According to our review of those 30 U.S. health systems, the estimate for total wages in 2020 ranged between $0.9 and $2.3 trillion — and was most likely close to $1.5 trillion (39% of total health care spending). In another analysis of fiscal year (FY) 2019 Medicare spending data from 258 hospitals across the United States, wages accounted for 38% of hospital spending and ranged from 14% to 91%.15 In 2019, the share of total reported health spending that went toward wages in Italy and the Netherlands was 31% and 69%, respectively, and in 2018 in the United Kingdom, that value was 46%.16 

Altering the labor component of health care costs in the U.S. economy has not been a focus in federal policy, and it probably should not be. If the labor costs of all employees in the U.S. health sector were reduced to the 31% share of health spending attributable to wages in Italy, the United States would save $300 billion (assuming 39% of U.S. health spending is currently attributable to labor). The loss of income to much of the health care labor force would likely cause further attrition and workforce shortages at a time when clinical personnel are already in short supply.17 Reducing labor costs is unrealistic in the near term, because hospitals alone have reported a 37% increase in labor costs in the past two years and an increase of more than 100% in contract nurses’ median hourly wages.18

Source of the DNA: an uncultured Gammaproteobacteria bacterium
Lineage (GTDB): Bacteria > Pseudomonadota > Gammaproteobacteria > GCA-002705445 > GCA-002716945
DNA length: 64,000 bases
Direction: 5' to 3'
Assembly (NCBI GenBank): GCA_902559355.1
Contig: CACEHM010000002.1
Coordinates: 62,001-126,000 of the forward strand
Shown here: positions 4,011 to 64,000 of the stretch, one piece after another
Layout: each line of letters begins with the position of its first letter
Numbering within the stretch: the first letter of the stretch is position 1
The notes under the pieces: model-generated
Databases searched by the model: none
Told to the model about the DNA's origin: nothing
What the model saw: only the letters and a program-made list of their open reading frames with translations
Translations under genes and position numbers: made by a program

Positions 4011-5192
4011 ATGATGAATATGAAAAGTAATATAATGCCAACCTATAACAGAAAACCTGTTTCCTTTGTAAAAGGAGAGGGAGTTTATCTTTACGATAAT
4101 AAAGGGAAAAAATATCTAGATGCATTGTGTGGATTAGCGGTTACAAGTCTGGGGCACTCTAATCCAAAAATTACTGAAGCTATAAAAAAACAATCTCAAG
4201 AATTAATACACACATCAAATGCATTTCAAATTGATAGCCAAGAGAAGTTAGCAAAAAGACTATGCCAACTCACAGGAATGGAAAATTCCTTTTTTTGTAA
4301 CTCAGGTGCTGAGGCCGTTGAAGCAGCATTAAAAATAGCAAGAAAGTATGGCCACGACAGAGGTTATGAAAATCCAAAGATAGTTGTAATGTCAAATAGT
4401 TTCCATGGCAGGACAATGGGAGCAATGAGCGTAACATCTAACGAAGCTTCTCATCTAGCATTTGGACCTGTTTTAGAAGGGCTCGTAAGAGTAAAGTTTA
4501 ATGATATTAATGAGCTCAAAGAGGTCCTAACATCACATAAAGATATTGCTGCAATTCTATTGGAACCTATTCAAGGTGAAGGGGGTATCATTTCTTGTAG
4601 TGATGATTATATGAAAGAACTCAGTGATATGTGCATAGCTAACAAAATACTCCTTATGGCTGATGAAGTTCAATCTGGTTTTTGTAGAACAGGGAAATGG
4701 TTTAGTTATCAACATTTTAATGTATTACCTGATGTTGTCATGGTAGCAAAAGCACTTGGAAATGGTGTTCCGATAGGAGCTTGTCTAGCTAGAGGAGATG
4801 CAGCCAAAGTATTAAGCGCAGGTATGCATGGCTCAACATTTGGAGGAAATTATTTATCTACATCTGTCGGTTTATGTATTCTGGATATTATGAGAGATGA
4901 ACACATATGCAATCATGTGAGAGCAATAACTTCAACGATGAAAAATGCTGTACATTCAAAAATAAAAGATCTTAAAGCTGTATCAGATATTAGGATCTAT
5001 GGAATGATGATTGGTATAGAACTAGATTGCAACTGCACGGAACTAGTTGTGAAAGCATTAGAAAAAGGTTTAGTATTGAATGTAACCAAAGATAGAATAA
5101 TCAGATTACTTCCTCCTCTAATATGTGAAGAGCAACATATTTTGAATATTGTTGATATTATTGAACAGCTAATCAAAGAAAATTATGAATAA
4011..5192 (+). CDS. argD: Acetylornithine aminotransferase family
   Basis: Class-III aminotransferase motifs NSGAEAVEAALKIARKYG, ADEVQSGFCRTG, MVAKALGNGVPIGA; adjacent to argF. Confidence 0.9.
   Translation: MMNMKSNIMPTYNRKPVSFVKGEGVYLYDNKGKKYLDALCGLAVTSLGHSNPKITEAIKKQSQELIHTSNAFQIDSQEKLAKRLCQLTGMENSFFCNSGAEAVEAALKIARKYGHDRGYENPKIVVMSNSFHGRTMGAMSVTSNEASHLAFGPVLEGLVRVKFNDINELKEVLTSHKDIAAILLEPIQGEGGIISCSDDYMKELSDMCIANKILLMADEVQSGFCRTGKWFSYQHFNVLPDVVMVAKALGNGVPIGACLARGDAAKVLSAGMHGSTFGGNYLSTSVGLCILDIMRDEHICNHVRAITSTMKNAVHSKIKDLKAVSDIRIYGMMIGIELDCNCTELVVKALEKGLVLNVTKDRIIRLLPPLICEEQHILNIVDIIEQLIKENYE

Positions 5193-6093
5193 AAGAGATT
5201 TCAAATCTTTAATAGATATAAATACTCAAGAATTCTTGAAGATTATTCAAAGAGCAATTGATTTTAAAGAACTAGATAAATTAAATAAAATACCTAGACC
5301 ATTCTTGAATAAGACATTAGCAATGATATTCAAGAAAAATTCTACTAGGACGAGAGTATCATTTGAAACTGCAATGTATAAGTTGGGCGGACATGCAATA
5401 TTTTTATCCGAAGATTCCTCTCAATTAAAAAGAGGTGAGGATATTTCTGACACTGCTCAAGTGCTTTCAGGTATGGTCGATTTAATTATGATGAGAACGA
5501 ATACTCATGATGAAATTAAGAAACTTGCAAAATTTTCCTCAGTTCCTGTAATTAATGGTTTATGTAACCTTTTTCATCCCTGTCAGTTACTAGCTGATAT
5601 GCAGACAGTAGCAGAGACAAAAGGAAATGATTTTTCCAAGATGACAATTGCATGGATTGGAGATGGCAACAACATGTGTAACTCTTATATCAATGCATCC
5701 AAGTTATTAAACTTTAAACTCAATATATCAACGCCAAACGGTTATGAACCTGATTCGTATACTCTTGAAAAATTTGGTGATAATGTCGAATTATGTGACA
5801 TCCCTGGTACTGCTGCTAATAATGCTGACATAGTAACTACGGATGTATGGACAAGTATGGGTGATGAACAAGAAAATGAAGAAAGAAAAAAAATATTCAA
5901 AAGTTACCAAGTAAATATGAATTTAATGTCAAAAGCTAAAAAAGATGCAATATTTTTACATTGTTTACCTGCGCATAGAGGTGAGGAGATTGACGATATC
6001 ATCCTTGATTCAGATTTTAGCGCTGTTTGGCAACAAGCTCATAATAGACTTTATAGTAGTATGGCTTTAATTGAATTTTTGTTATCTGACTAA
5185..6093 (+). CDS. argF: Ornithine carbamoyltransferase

Although total wages for physicians amount to a very large number in the United States, their pay accounts for a small percentage of total health care spending. According to an analysis using Medscape’s average physician salary, OECD's 2019 number of U.S. practicing physicians, and CMS 2020 National Health Expenditures data, physician income made up only 7% of total health expenditures in 2020.1,19,20